Collinsworth Invitational: How to fight as an underdog
(Pro Football Focus gave subscribers the opportunity to win a team in the Cris Collinsworth Fantasy Football Invitational, playing alongside celebrities such as Warren Sapp, Jenny McCarthy and of course Cris himself. As the lucky winner of that contest, I will be writing a weekly piece that provides a view into what it’s like playing in a celebrity league and how I will use the PFF tools to give me an edge.)
Last week when I reported in on the Collinsworth Invitational, I had just gone through an aborted trade with my league mate Gary Vaynerchuk. In that proposed trade, I was sending LeGarrette Blount to Gary in exchange for Marvin Jones. When the article published on Saturday morning, I was feeling pretty good about the “failed” trade. After all, Blount had just put up 105 yards and two touchdowns in what originally looked like a tough Thursday night game against the Houston Texans.
But then Sunday rolled around.
In Sunday’s game, Jones was going against the Green Bay Packers. All season long, there has been talk that the Packers have a funnel defense. In particular, they have the league-leading rush defense, one that has only allowed 128 yards (the last-place team, New Orleans, has allowed 448 rushing yards). But on the flip side, the Packers have the 28th-worst passing defense, allowing 922 yards this season.
The result, as we all know now, was Jones putting up six receptions for 205 yards and two touchdowns. My “failed” trade really does look like just a failure now.
On to the next one
As we enter Week 4 of the Collinsworth Invitational, it’s time to look forward instead of dwelling on past “what-ifs.” I pulled off the win in Week 3, bringing me to 2-1 on the season. But Week 4 brings a tough battle against former NFL quarterback Greg McElroy and his undefeated squad, which has the highest projected score for the week and a 17-point projected advantage on my team. This advantage should not come as a surprise since two of my starters (Jordan Matthews and Ryan Mathews) are on bye and Dez Bryant now apparently has an injury. The Bryant news was particularly hard to take since I already lost Keenan Allen to injury. Who says that wide receivers are more durable?
So with an uphill battle for the week, I decided to turn to the weekly PFF Stats to see if I could gain an advantage in setting my line-up instead:
- Blount needs to run the other way: To have a chance this week, I need a “Blount game” from the Patriots. But that won’t happen if they are running at Kyle Williams. According to PFF, “Bills DL Kyle Williams has seven run stops this season, the most for 3-4 defensive ends.” I’m still a believer in Blount this week, but I hope they are looking at the PFF grades as they plan their runs.
- I might need to bench Eli Manning this week: Manning is my most commonly owned QB in fantasy. Going against the Vikings on Monday night this week, there might be reason to look elsewhere. After all, PFF points out that “When Vikings CB Terence Newman has been thrown at, he’s allowed an NFL passer rating of 33.2 — lowest for cornerbacks who have been thrown at 15 or more times.” Not a good sign for the Giants WRs. Luckily, the next stat I read gave me inspiration to take advantage of this stat. (Below, I’ve included a snapshot of Manning’s matchup from PFF’s DFS Pro tool, which is obviously DFS-specific, but the general matchup appraisal still applies.)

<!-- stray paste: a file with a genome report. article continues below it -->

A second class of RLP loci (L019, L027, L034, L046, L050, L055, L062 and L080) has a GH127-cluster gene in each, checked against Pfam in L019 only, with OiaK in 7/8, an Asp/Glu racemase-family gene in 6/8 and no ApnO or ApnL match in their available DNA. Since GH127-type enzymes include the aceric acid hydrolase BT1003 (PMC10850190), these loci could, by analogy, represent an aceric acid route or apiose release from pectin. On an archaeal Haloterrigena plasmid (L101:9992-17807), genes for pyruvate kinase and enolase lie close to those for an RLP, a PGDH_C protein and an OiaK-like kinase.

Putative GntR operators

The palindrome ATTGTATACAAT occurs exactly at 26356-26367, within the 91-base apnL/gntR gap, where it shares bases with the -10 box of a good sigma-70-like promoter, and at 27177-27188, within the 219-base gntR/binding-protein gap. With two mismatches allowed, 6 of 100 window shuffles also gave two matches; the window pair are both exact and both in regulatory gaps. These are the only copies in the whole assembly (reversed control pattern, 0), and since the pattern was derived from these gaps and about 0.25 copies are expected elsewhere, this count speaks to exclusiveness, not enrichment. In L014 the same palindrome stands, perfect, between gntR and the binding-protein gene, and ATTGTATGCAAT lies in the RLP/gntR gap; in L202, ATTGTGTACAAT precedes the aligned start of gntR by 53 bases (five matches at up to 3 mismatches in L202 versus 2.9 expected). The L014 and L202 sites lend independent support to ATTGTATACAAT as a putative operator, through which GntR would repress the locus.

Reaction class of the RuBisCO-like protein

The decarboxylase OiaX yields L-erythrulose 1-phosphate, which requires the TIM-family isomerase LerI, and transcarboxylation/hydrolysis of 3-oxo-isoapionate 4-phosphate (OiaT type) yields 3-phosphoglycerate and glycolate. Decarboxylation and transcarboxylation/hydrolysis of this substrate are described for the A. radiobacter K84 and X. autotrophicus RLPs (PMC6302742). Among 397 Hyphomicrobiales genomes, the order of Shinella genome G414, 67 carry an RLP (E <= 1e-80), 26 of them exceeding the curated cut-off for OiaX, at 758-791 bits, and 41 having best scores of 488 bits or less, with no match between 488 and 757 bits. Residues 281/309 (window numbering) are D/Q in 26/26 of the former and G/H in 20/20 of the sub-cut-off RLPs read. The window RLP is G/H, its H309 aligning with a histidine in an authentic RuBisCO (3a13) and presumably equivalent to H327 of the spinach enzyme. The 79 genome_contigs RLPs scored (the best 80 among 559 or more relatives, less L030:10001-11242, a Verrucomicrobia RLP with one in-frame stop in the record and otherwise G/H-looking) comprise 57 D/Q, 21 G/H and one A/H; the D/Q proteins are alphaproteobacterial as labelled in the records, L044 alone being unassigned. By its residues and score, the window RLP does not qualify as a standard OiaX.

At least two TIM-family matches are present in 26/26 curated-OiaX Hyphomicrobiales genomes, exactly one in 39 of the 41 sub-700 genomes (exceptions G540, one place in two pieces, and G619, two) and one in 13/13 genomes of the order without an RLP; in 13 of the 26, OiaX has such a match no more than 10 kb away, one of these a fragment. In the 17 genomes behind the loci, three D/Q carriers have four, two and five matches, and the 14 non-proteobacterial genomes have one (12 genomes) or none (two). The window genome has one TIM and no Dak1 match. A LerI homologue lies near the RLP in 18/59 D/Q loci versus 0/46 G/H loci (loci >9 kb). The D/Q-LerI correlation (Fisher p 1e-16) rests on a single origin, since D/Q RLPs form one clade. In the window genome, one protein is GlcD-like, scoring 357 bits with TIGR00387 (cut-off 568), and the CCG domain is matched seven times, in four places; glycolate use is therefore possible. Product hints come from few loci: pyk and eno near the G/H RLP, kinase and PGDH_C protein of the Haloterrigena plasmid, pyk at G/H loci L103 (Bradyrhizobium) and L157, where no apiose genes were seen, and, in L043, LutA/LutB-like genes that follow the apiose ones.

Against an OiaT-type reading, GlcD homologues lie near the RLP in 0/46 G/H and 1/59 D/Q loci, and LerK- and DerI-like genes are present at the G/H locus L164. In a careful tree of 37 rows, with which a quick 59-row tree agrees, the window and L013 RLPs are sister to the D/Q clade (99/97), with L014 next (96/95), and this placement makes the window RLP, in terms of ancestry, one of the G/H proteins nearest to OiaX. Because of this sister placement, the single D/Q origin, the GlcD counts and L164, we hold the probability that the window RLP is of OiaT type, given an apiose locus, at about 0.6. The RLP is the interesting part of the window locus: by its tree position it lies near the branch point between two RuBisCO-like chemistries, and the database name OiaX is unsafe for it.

- Rivers needs to only throw the ball all game: Greg has Melvin Gordon as his flex running back this week. But as PFF points out, “when Chargers WR Travis Benjamin has been targeted, Philip Rivers has an NFL passer rating of 147.7 — the highest mark for a single receiver this season.” I need Rivers to read this stat and completely abandon the run in order to keep up with Drew Brees this week. And luckily, Rivers is sitting on the waiver wire after being dropped last week so I am going to pick him up, while benching Eli per the point above.
Sometimes in fantasy football you are going to be staring at a big hole that you have to come back from. In those situations, one of the only options is to think about the potential game script and create scenarios where your advantage becomes your opponent’s disadvantage. For instance, with my addition of Rivers, I am betting for a game flow that favors the Chargers’ passing game instead of the running game that Greg is supporting. I doubled down on that philosophy by adding Josh Lambo as my kicker, hoping that instead of Melvin Gordon punching in a touchdown from the 5-yard line, San Diego would instead kick a field goal. These plays are about creating leverage and a scenario where if things fall a certain way, I can overcome that 17-point projected deficit.